Wednesday, April 11, 2012


So how does everything we’ve covered so far get accomplished? Self-discipline. Self-discipline means being the boss, the boss over yourself. Are you a good boss? A good manager?

It is easy to tell others what to do because they, not you, are burdened with the work and follow through. As a boss, you tell your worker what you want, how you want it, and when you want it, and, theoretically, the order is executed accordingly. If the worker fails to meet the boss’ demands, the worker risks getting canned.

How are you as a boss over yourself? When you tell yourself to do something, do you do it timely and appropriately? Or do you get to a task when you whenever you feel like it (“manana, manana.”)? Really, the only person you have to accommodate and impress is you. So what if you don’t do what you tell yourself to do?

As with motivation and energy, self-discipline is fortified by immersing yourself in a nurturing environment, which in this case is an environment of determination and persistence, and by creating a routine – a pattern – of repetitive behavior and activities – like a training schedule.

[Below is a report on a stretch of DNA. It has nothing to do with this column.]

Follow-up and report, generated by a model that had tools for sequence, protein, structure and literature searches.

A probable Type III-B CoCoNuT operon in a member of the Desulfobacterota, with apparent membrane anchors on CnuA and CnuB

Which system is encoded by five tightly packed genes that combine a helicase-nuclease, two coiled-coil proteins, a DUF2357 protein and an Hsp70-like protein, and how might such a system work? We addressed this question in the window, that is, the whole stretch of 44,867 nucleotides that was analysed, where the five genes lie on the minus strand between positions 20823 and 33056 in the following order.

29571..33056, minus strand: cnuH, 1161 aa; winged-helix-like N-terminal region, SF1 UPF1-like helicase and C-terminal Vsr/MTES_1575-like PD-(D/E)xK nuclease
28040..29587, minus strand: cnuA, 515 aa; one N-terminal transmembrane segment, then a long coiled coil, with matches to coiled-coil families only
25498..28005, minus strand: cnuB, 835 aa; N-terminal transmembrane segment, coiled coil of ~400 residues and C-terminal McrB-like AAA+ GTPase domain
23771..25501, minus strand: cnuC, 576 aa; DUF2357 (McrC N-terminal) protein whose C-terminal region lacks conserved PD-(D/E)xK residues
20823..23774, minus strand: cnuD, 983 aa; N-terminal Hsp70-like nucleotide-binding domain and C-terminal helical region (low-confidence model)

Self-discipline, more than anything, requires outside influences: a coach, a teammate, a friend. Self-discipline is the key, the fulcrum, and the capstone of personal power. When we sacrifice it for the “easy way” or the “sure thing” we render ourselves powerless. This is so obvious, but it is a point lost on all those who continue to fail.

If you ask any successful athlete, businessperson, or professional whatever, they will tell you that their success developed from a pattern of persistence and determination (i.e., self discipline). The real “secret” to success – if there is indeed any real “secret” – is how the successful were disciplined to remain focused and intent on their goals.

The behavior pattern of self-discipline comes from inside, and failing that, it is borrowed from outside influences. I’ll admit it, my will is as strong as wilted lettuce, but my desire and passion are massive. Wanting to succeed (desire) is substantially unique from the will to succeed (discipline); therefore, I have to “borrow” discipline from others. I tell people about my goals and progress, thereby tapping into peer pressure. I seek the advice of coaches and friends who motivate me to persist. I tap into the countless reserves of motivation the we listed above that inspire me, excite me, and remind me of the importance of success.

Outside influences help keep me focused when I fail to maintain concentration myself.

So I’ll state it once more: play the odds in your favor. Game the system. Do whatever it takes for you to overcome your obstacles by surrounding yourself with success and establishing behavior patterns of success.

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